Dimensions
  • Length of rosary, including pendant oblong knop, when suspended vertically length: 39.5cm
  • Across lozenge shaped beads when rosary suspended width: 2.7cm
  • Weight: 137.9g
Gallery Label
  • The Langdale Rosary About 1500, with late 16th-century additions Each of the beads shows a saint, some 95 in all, or an event from the lives of the Virgin Mary and Christ. While reciting the relevant prayers, the user could appeal to the Virgin and saints to intercede with God on their behalf. Rosaries were banned in England in 1547, during the Reformation, but Catholics continued to use them in secret. England Gold, engraved and enamelled in black Previously owned by the Langdale family Bought with the assistance of the Murray Bequest Museum no. M.30-1934
  • British Galleries: Rosaries were used by Roman Catholics to recite a cycle of prayers of five 'decades', each consisting of ten 'Hail Mary's, separated by one 'Our Father'. These aids to personal devotion were forbidden by legislation of 1547. This very rare survival had two extra beads added in about 1600, which shows they were used by someone who continued to practise as a Catholic.(27/03/2003)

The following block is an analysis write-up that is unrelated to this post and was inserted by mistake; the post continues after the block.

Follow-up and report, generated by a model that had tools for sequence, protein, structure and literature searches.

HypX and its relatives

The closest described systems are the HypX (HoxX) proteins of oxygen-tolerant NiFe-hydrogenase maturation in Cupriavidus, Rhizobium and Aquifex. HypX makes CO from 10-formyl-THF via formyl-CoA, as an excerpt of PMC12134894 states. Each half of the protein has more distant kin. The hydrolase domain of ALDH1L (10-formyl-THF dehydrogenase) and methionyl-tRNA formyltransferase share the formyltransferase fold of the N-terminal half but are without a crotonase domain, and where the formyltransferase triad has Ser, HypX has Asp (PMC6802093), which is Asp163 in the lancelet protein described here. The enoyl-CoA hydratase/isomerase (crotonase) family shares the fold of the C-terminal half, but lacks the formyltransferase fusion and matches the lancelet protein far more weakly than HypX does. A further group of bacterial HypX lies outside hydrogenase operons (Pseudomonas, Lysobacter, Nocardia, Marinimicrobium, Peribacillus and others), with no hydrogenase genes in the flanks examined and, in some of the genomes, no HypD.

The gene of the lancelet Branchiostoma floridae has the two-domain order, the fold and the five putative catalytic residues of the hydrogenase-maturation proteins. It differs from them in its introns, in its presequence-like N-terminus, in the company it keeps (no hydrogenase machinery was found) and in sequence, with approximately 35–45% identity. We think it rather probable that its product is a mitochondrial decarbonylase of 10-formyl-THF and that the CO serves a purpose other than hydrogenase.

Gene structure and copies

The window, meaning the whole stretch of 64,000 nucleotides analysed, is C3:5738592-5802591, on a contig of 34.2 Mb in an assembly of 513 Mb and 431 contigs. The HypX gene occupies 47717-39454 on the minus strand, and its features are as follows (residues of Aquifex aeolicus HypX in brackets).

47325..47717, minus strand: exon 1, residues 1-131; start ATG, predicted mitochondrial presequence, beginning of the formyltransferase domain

• Gothic Two rosaries People used a rosary when reciting prayers to the Virgin Mary, or saying the Lord's Prayer. Ten beads were used for the former and one for the latter. Wooden rosaries were commonplace, but gold ones less so. This gold rosary is a unique survival from medieval England. Each bead is enamelled with a saint or a scene from the life of Christ and engraved with the appropriate title. a) Rosary About 1500 Beads of turned wood Found in London Lent by the Museum of London b)Rosary About 1500, two additional beads added probably about 1600 Gold with enamel V&A: M.30-1934 Cat. 222(2003)
Credit line
Purchased with the bequest of Captain H. B. Murray
Object history
Probably belonged to William Howard (born at Audley End, Essex, 1563, died in Greystock, 1640), third son of Thomas Howard, 4th Duke of Norfolk (born in 1536, executed in London, 1572).



V&A Exhibition RF.2003/51
Production
Two additional beads added probably about 1600
Subjects depicted
Summary
Rosaries were in use from the 13th century. They came in many different forms, with various ways of saying the 'Hail Mary' ( Ave Maria) and 'Our Father' (Paternoster) prayers. Their form, and the order in which the prayers were said, became standardised during the 15th century. The Langdale rosary dates from around 1500 and is the only medieval English rosary to have survived the Reformation. It is also one of the few medieval rosaries in Europe to be made of gold. The gold is enamelled. The rosary consists of 50 oval 'Ave' beads, 6 lozenge-shaped 'Paternoster' beads and a large rounded knop (knob). Each bead is engraved with two saints or scenes, with the titles written around the edges in black letter.